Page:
Cemetery’s legend gets tested

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We all love sitting around a campfire, sharing ghost stories and telling terrifying tales, but what happens when they come true?

In a moment of boredom, my best friend Robert and I decided to venture to Stull, Kan., for the spring equinox. This is said to be a night of “witchcraft, ghosts and supernatural happenings” in the old cemetery.

Neither Robert nor myself is a very superstitious person, so we put our beliefs to the test, secretly hoping to be proved wrong. We visited the graveyard early in the day to wander around and read the tombstones. Everything seemed to be relatively normal, even the wrecked old church seemed at peace on a cool, cloudy day.

Story has it that the devil buried his family in the cemetery, or was it that a stablehand murdered the mayor in a stable on the grounds … no wait, I remember. There was a spiral staircase that led all the way down to hell, therefore making it one of the “seven gateways to hell.” Well, truth of the matter is, all of these stories are rumored to be true.

However, while reading the various gravestones in the cemetery, none of them appeared to have demonic names. Some were so old and worn, they were no longer legible, but no Satan Jr. or Little Lucifer. Despite the lack of evidence, we did not allow it to sway our expectations of supernatural occurrences.

The plan was to camp out at Clinton Lake after observing the midnight hour at the cemetery. After finding the place where we would stay the night, we took the short trip back to the cemetery.

Unfortunately, the gates were locked, and due to the excessive publicity in the mid-’70s to mid-’80s, the town has a zero-tolerance policy for tourists such as ourselves. The next best option was parking across the street and observing.

Midnight rolled around, nothing happened. The windows of the vehicle were down so we might feel the “strong wind” others experienced while observing as well, but still nothing happened.

After 20 or 30 minutes of observation and anticipation, our initial beliefs had been proven true. The only thing left to do was return to the campsite.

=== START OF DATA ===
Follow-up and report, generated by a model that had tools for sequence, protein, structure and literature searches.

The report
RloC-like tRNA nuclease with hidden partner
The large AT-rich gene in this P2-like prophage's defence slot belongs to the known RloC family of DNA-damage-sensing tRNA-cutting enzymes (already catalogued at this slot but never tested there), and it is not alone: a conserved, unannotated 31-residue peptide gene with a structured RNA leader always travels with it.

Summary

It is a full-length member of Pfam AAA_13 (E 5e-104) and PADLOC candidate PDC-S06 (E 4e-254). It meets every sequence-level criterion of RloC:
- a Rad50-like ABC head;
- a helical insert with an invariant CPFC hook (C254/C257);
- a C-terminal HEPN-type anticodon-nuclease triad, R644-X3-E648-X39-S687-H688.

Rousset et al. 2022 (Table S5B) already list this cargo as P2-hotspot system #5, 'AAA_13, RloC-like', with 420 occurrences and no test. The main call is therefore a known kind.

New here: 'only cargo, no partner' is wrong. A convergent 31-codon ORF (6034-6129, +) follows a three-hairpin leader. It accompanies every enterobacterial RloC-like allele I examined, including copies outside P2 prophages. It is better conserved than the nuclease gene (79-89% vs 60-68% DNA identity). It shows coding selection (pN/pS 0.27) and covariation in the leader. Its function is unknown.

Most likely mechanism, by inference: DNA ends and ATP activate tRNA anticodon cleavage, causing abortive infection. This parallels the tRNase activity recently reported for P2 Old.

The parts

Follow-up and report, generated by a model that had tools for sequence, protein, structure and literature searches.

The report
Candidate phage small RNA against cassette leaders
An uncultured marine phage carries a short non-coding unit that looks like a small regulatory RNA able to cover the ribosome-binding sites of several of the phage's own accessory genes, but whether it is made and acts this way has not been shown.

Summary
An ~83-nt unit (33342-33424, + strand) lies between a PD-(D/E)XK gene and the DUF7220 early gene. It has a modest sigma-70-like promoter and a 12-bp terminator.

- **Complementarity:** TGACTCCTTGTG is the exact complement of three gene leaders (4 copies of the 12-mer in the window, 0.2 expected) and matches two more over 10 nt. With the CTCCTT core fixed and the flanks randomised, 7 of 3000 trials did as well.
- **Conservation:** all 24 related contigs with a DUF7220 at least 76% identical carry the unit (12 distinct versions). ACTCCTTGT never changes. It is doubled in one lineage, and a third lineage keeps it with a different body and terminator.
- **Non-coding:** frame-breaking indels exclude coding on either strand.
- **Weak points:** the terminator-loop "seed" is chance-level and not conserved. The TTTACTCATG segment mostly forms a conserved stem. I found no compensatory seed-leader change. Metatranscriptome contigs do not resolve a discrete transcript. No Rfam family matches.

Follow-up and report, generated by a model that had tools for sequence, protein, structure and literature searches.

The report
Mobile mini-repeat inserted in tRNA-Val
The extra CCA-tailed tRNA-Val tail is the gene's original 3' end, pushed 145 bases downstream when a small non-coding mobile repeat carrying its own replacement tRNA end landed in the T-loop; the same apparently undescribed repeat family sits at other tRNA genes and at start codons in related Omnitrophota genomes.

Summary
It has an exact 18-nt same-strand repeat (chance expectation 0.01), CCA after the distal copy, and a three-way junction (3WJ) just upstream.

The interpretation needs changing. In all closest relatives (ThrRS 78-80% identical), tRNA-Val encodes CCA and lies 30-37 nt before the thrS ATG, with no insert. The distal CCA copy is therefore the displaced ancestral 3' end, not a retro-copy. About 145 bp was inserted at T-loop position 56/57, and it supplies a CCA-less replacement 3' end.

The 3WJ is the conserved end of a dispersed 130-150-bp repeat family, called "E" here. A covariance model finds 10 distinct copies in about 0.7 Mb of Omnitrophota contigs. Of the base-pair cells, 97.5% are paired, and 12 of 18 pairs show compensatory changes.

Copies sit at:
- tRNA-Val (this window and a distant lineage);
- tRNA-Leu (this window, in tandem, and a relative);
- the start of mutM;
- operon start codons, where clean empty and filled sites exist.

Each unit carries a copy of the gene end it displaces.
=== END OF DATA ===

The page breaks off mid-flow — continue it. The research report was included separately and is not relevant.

I’m sure the first question coming to mind is, “Wait a minute, you didn’t even enter the grounds at midnight?” The answer is no, but according to the Internet, observers could feel a strong wind even off of the premises.

While our experiment was hindered due to strict laws and the fact that the old church was reduced to a pile of rubble in 2002, we did wander through the cemetery the day of and explore the debris of the church. There appeared to be no spiral staircase leading to Hades, nor did it appear that the church was immune to rainstorms as claimed.

Ironically, after the roof was demolished in a fire, the church was struck by lightning, causing severe structural damage to one of the remaining walls at the time. Believers may be thinking that is a sign that the devil really is there, but I would have to disagree.

I will admit, however, that although both Robert and myself are not quickly made uneasy, later that night while camping at a remote part of the lake we felt there was some presence around. Surrounded by complete darkness after a hopeful supernatural experience does play mind tricks on you, and we both laugh about it now.

As for the rumor that Pope John Paul II would purposely fly around eastern Kansas in order to avoid the satanic grounds, it is completely untrue. Why would he avoid only one of the seven gates of hell? It makes no sense.

– Rachel Spicer is a sophomore in civil engineering.  Send comments to opinoin@spub.ksu.edu

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